AMBROSIA SPHERE OIL LAMPS handblown glass apple shape Poland handmade aroma RARE

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Seller: sidewaysstairsco ✉️ (1,181) 100%, Location: Santa Ana, California, US, Ships to: US & many other countries, Item: 203557544172 AMBROSIA SPHERE OIL LAMPS handblown glass apple shape Poland handmade aroma RARE. Check out our other new and used items>>>>>HERE! (click me)

FOR SALE:

A beautiful set of handcrafted glass "apple" oil lamps

SET OF CLEAR GLASS SPHERE OIL LAMPS BY AMBROSIA

 

DETAILS:

Hand-sculpted art glass from Poland!

Enhance your home with the vibrancy of burning oils or the aroma of delicate scented colored oils. These intriguing, clear glass oil lamps feature an elegant orb/sphere shape and a slight size difference - a modern design that piques interest. Ambrosia's Set of Spheres have a tapered lower half, which gives them the shape of an apple, and a flattened bottom that allows them to sit securely on any flat surface. The top of each has an opening for filling with oil and inserting a wick - the opening looks much like the base area of an apple stem. Each orb can hold either fragrance oils or colored oils (for a decorative touch). The oil lamps have a solid, hefty feel and they have some real weight to them - they could double as paperweights (the whole set weighs about 4lb. 4oz.). The fragrance oil bottles aren't labeled and we don't immediately recognize the scents so we're unsure of what fragrances are included in the set.

 

What's Included:

3.5" Diameter Sphere Oil Lamp

3" Diameter Sphere Oil Lamp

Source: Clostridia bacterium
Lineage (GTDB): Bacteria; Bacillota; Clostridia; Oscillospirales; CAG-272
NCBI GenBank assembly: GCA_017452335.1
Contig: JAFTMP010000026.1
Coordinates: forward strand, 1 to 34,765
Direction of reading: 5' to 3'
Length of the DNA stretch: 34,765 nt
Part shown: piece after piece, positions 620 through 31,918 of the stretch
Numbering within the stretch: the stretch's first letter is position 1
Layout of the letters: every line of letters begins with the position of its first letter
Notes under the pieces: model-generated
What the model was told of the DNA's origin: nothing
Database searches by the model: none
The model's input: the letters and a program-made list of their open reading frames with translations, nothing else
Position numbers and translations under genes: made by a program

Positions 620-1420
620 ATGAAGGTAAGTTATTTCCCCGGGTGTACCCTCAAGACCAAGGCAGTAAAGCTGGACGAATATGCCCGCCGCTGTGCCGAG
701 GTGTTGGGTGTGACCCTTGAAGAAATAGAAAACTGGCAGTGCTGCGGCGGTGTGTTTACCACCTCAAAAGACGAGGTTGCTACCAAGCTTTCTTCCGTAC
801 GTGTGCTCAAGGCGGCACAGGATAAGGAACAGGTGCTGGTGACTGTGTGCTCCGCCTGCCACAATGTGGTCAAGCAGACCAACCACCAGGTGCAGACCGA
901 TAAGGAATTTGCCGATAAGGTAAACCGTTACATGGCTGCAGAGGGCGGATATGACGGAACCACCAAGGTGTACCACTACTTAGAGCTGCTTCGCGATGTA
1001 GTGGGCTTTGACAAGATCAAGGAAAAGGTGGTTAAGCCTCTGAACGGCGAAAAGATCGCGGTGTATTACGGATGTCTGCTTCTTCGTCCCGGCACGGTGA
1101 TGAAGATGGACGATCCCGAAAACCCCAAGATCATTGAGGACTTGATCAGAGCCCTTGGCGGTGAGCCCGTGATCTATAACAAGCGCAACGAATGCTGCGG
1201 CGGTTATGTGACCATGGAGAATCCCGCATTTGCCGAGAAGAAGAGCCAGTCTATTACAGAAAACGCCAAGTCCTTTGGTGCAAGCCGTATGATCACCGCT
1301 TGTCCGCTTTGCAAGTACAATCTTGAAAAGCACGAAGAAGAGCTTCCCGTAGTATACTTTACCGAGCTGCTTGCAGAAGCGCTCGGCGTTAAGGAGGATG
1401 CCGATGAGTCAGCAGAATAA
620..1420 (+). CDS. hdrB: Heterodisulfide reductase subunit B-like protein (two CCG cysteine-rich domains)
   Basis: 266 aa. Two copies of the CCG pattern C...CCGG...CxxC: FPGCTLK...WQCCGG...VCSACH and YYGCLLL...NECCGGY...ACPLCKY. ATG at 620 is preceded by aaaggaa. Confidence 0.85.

2x Glass Wick Holder

2x Fragrance Oil Vial (half full)

2x Wick

Packaging

Handmade in Poland using quality materials!

Poland is known for producing high quality glass with remarkable clarity and quality.

 

Harry & David sticker tag still intact!

This special set of sphere oil lamps was made for and sold exclusively at select Harry & David retail stores. As of recent it seems there's only one standing retail location left and that is the Harry & David flagship store in Oregon - where it all started!

 

CONDITION:

In excellent, pre-owned condition; unused. These oil lamps were never used but the larger sphere acquired a small, inconspicuous nick while stored (see photos #10 and #11). The oil bottles are half full. The bottom edge of the glass wick holders appear damaged but they are not - they are manufactured this way. The set is almost complete but is missing the small plastic funnel. Please see photos.

*To ensure safe delivery all items are carefully packaged before shipping out.*

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*ALL PHOTOS AND TEXT ARE INTELLECTUAL PROPERTY OF SIDEWAYS STAIRS CO. ALL RIGHTS RESERVED.*

 

 

 

 

 

 

 

 

 

 

 

 

 

 

 

 

 

 

 

 

"An oil lamp is an object used to produce light continuously for a period of time using an oil-based fuel source. The use of oil lamps began thousands of years ago and continues to this day, although their use is less common in modern times. They work in the same way as a candle but with fuel that is liquid at room temperature, so that a container for the oil is required. A textile wick drops down into the oil, and is lit at the end, burning the oil as it is drawn up the wick. Oil lamps are a form of lighting, and were used as an alternative to candles before the use of electric lights. Starting in 1780, the Argand lamp quickly replaced other oil lamps still in their basic ancient form. These in turn were replaced by the kerosene lamp in about 1850. In small towns and rural areas the latter continued in use well into the 20th century, until such areas were finally electrified and light bulbs could be used. Sources of fuel for oil lamps include a wide variety of plants such as nuts (walnuts, almonds, and kukui) and seeds (sesame, olive, castor, or flax). Also widely used were animal fats (butter, ghee, fish oil, shark liver, whale blubber, or seal). Camphine, a blend of turpentine and ethanol, was the first "burning fluid" fuel for lamps after whale oil supplies were depleted. It was replaced by kerosene after the US Congress enacted excise taxes on alcohol to pay for the American Civil War. Most modern lamps (such as fueled lanterns) have been replaced by gas-based or petroleum-based fuels to operate when emergency non-electric light is required. Therefore, oil lamps of today are primarily used for the particular ambience they produce....